Anna Hahner and Getu Feleke ahead of the 2015 Vienna City Marathon (Victah Sailer / organisers) © Copyright
Preview Vienna, Austria

Defending champions Feleke and Hahner hope to go quicker in Vienna

After winning the Vienna City Marathon with a course record of 2:05:41 last year, Getu Feleke promised to return to the IAAF Gold Label Road Race in 2015. And that’s exactly what he will do on Sunday (12).

Not long ago, such a time was thought to be impossible on this course. But the 28-year-old Ethiopian intends to attack his own course record this weekend. With weather forecasts looking good and pacemakers instructed to set up a 2:05 target time, organisers hope to see a fast winning time.

“If the weather is good then I want to attack my personal best,” said Feleke, who has a PB of 2:04:50 from his second-place finish in Rotterdam in 2012. “If the conditions are not ideal then I will at least go for the course record and possibly below 2:05:30.”

The current world-leading time stands at 2:05:28, run by Dubai winner Lemi Berhanu of Ethiopia.

When Feleke won last year’s Vienna City Marathon, he was still feeling the effects of a chronic stomach problem that had kept him out of competition for nearly a year. “I have no more stomach problems now,” he said. “But I picked up a leg injury in the build up to Frankfurt, which took a long time to heal.”

After recovery, he started preparing for Vienna and ran a 1:00:45 half marathon in Barcelona, where he placed second in February. “This was a very good result for me and it showed that I am in good form. I could relax a bit more in training after that,” said Feleke, who now receives training programmes from renowned Italian coach Renato Canova.

While the defending champion is the big favourite, there are two fellow Ethiopians who could do well.

Sisay Lemma and Siraj Gena are expected to follow Feleke’s pace. Lemma has clocked a 2:07:06 personal best in Dubai this January while Gena has a PB of 2:08:31. “I have recovered well after Dubai and now I am in a better shape than before the Dubai race,” said Lemma.

A Kenyan challenge might come from Duncan Koech, who has a personal best of 2:07:53 and finished fourth in Vienna last year in 2:09:17. “It is a big advantage that I know the course and I know that I am able to run the second half faster than the first one,” he said. “It is my goal to run a personal best on Sunday.”

Organisers had to cope with a couple of last-minute cancellations due to injuries. Among them there are Ethiopia’s Gebo Burka, Kenya’s Josphat Keiyo and Brasil’s Paulo Paula.

After training with Bekele, Hahner is ready for Chepkwony rematch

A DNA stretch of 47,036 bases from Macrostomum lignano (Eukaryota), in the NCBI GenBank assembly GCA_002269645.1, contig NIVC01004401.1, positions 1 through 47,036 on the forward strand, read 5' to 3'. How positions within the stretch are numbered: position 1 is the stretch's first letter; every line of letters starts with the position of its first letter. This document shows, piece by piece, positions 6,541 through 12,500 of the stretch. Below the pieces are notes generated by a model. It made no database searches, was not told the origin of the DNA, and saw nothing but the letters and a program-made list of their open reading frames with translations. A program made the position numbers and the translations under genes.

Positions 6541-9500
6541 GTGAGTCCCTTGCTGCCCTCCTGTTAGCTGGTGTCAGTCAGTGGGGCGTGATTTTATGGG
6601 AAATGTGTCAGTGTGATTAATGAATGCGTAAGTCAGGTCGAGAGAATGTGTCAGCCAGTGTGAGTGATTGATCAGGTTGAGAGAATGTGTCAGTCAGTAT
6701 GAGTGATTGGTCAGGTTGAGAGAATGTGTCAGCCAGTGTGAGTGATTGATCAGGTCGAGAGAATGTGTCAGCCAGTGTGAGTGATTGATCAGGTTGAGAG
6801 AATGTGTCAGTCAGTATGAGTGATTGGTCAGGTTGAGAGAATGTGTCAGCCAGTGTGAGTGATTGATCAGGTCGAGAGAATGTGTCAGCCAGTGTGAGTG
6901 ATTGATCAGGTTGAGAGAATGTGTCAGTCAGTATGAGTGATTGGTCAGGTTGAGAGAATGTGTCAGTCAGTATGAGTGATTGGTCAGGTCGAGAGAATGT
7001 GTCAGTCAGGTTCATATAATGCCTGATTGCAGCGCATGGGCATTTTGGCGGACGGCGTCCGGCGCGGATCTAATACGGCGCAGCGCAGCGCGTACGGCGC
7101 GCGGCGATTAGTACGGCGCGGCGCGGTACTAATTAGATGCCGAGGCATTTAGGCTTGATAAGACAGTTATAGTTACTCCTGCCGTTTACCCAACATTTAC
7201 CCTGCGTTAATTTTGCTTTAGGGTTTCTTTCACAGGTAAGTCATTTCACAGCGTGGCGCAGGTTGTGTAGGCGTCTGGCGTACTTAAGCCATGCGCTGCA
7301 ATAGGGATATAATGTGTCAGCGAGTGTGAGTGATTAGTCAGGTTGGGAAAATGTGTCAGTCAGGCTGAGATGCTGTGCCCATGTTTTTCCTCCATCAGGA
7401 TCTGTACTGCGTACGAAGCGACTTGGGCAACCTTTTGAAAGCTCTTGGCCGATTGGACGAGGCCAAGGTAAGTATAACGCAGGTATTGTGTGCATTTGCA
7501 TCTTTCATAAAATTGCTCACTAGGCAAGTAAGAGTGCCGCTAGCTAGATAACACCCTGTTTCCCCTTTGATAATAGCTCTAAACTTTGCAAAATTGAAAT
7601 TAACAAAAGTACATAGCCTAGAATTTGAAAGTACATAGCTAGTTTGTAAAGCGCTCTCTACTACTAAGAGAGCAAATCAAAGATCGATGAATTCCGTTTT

With a different tactical approach, Caroline Chepkwony hopes to succeed on her second attempt in Vienna.

The Kenyan had a big lead a year ago, but then faltered in the final stages and was overtaken by Anna Hahner. The German winner from 2014 is back in Vienna as well to defend her title.

“It has always been my priority to return to the Vienna City Marathon as a defending champion,” said Hahner. “You never know how often you get the opportunity to start a race wearing bib number 1. This is a great motivation for me.”

The 25-year-old ran 2:28:59 a year ago and then improved her personal best to 2:26:44 in last year’s Berlin Marathon.

Like the defending men’s champion Feleke, Hahner is coached by Canova. Since the Italian became the coach of Kenenisa Bekele last autumn, the group’s training base was switched from Kenya to Ethiopia. Hahner went there this winter for almost six weeks together with her twin sister Lisa.

“It was an inspiring experience to train together with the Ethiopian world-class runners,” she said. “We stayed at Kenenisa’s new training camp in Sululta. Sometimes the electricity or the water would go off. Once we had no water for one-and-a-half days. But we still enjoyed it and had great conditions for training.”

A time in the range of 2:28 is a goal since the German national qualifying standard for the Olympics is expected to be between 2:28:30 and 2:29:00. “I want to show early that I am ready for Rio,” said Hahner.

During her final preparations, she watched the video of last year’s race. “I like films with a happy end – and this was one for me of course,” she joked.

Chepkwony will be less keen to see last year’s film again. “I had stomach cramps in the final part of the race and I nearly collapsed,” recalled the 30-year-old Kenyan, who finished 19 seconds behind Hahner and needed medical treatment afterwards.

While she broke away relatively early during last year’s race, Chepkwony intends to go for a different approach this time. “I expect a good competition,” said Chepkwony, who set her PB of 2:27:27 when winning the 2013 Ljubljana Marathon. “I cannot say that I will win, but I hope to do well and to break my personal best.”

With seven runners featuring personal bests between 2:25 and 2:30, a thrilling women’s contest is on the cards.

Fate Tola, winner in Vienna in 2011 and 2012, is the fastest in the field with a personal best of 2:25:14. But the Ethiopian will be running her first marathon after maternity leave and might not be in top shape yet.

Switzerland’s Maja Neuenschwander hopes to improve her personal best of 2:29:49, while Esther Chemtai, who has a PB of 2:28:41, is another of the favourites.

Jorg Wenig (organisers) for the IAAF